Lost Adventures: from Wango to Solovetski Island with John William Adkins AN AMERICAN'S FATE IN STALIN'S SOVIET UNION An unusual subject was investigated by Blitz Information Services - BLITZ over a four year period beginning in 1996.
A client approached us with a request to look for information about his relative who was an American. This grand-uncle, John William Adkins, was a miner in Alaska and disappeared into the Soviet Union when he was trying to travel to Argentina to find work. It was his misfortune to book passage to Argentina on a Soviet freighter. The last letter his family received from him was from Ketchikan, Alaska dated Dec. 1924.
The sad story of the misadventures of this person in Soviet Russia was revealed by BLITZ using many Archives and an in-depth step by step process. As became known through this research, Adkins did not have any travel documents and was arrested in Petropavlovsk for illegally arriving in the country. He then received a temporary residence permit in Khabarovsk and began to travel across the country looking for a job. He sought work in cities such as, Irkutsk, Moscow, and then Tula. He tried unsuccessfully to receive the necessary residential documents to stay in the Soviet Union. Consequently he was arrested in Tula on the charge of expiration of Residence Permit.
It is impossible to imagine how this person could reside in the Soviet Union without any documents and without the knowledge of the Russian language. It seems that the Soviet authorities could not decide what to do with him. On November 5, 1927, they deported him to Estonia in a rather un-official way. They took him to the border and ordered him to go to the other side. He was then arrested by the Estonian border guards for illegal border crossing and jailed in the Tallinn prison. This could have been the solution to his problems because Estonia (in contrast to Soviet Russia) did have diplomatic relations with the USA at that time. The American consul came to the prison and offered him an American passport to return to the USAHowever, he refused this offer, declaring that he wished to be an Argentina subject and hoped to make his way there.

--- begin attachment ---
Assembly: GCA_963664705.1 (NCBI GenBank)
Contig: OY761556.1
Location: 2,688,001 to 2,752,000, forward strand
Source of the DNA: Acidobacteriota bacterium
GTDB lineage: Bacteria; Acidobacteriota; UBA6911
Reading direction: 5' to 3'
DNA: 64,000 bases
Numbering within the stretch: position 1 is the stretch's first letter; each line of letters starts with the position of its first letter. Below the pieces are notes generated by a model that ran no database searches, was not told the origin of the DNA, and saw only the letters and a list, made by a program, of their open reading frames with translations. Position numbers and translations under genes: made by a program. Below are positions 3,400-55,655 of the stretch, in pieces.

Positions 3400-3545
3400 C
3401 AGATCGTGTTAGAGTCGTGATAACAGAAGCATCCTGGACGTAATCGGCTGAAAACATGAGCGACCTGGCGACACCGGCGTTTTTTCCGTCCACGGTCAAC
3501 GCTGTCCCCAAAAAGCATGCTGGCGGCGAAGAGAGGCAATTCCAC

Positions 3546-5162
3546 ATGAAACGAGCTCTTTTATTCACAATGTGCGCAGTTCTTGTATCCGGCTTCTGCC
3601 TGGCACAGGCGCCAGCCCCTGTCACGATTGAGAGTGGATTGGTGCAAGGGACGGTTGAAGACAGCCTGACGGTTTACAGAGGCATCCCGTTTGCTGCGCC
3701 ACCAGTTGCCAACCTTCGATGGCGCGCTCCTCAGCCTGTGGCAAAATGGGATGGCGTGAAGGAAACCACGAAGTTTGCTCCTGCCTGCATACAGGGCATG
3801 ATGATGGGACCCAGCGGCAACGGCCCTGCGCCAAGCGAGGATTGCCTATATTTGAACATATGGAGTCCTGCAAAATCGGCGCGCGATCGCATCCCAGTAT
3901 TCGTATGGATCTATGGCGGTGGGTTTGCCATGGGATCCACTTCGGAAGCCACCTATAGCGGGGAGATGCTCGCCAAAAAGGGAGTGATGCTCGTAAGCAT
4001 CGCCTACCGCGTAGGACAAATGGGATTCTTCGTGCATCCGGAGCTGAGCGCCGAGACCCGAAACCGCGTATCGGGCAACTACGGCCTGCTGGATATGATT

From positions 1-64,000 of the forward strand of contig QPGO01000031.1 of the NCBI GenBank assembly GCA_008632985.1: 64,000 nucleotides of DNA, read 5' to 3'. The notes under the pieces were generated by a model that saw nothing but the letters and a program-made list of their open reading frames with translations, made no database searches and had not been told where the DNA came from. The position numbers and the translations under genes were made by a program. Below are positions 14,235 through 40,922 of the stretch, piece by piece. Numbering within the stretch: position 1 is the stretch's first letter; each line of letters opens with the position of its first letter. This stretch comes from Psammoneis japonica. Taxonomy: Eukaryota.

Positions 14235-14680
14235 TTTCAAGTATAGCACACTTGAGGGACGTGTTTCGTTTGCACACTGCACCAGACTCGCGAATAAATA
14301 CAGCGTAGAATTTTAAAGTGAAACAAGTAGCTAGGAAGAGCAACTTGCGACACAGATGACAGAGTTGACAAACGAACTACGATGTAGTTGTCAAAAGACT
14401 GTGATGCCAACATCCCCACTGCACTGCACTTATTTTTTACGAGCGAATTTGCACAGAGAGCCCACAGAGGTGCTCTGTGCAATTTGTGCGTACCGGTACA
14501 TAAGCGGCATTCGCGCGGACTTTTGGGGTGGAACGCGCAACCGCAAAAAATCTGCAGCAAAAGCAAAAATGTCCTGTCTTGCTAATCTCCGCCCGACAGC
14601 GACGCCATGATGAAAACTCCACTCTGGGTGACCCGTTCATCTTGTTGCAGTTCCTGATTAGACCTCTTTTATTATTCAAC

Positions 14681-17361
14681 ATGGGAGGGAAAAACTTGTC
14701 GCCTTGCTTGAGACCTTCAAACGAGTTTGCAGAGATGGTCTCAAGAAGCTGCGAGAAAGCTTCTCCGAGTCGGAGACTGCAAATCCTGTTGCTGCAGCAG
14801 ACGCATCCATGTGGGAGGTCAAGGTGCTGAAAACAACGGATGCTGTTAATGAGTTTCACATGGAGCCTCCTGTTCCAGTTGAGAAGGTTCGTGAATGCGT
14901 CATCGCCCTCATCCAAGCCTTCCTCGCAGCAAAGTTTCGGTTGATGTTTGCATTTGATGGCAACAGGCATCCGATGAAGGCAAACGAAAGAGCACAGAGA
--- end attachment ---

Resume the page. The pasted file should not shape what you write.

He was exiled back into Russia and then deported to Finland where the Finnish government put him in prison. He was soon returned to the Soviet Union where he was exiled to the city of Vologda. From there he went to Leningrad and tried again to go to Finland in order to find a ship going to Argentina. He was arrested at the Finnish border and was returned to Leningrad where he was imprisoned. On September 24, 1929 he was sentenced to the Solovetskii labor-corrective camp (gulag) in the far north as a "socially dangerous element".
This was the last mention of him in documents found by BLITZ using many Russian and Estonian Archives. Information about his ultimate fate has not yet been found in the archival documents of this camp nor at the FSB (former KGB). He could have died or been killed during deportation to the gulag or disappeared by some unknown reason.
After BLITZ succeeded in finding materials which documented these events, our client who ordered this work came to Russia several times. He visited the cities in which his relative had resided as well as Solovetskii island and offices of the FSB Archives, where documents concerning his grand-uncle are held. Our client wrote a book about his grand-uncles tribulations in the Soviet Union. Copies of the book and short leaflets about this story were circulated in various cities and institutions in Russia in hope that somebody may know about the ultimate fate of his relative. With this same goal, BLITZ arranged a radio program on this subject at Radio 'Svoboda' [Liberty]. None of these efforts have yet provided an answer to this last question.
This successful search is an example of how Blitz used some very limited initial information, i.e. the persons name, a 1928 newspaper story from Salisbury, Maryland, and the American file from the National Archives in Washington, D.C. (from the American Consulate in Estonia in 1927), to track down relevant documents in Russia. Much of this research required accessing the archives of the FSB (former KGB), and even the Estonian archive. Blitz found this to be a rather difficult assignment but not impossible.
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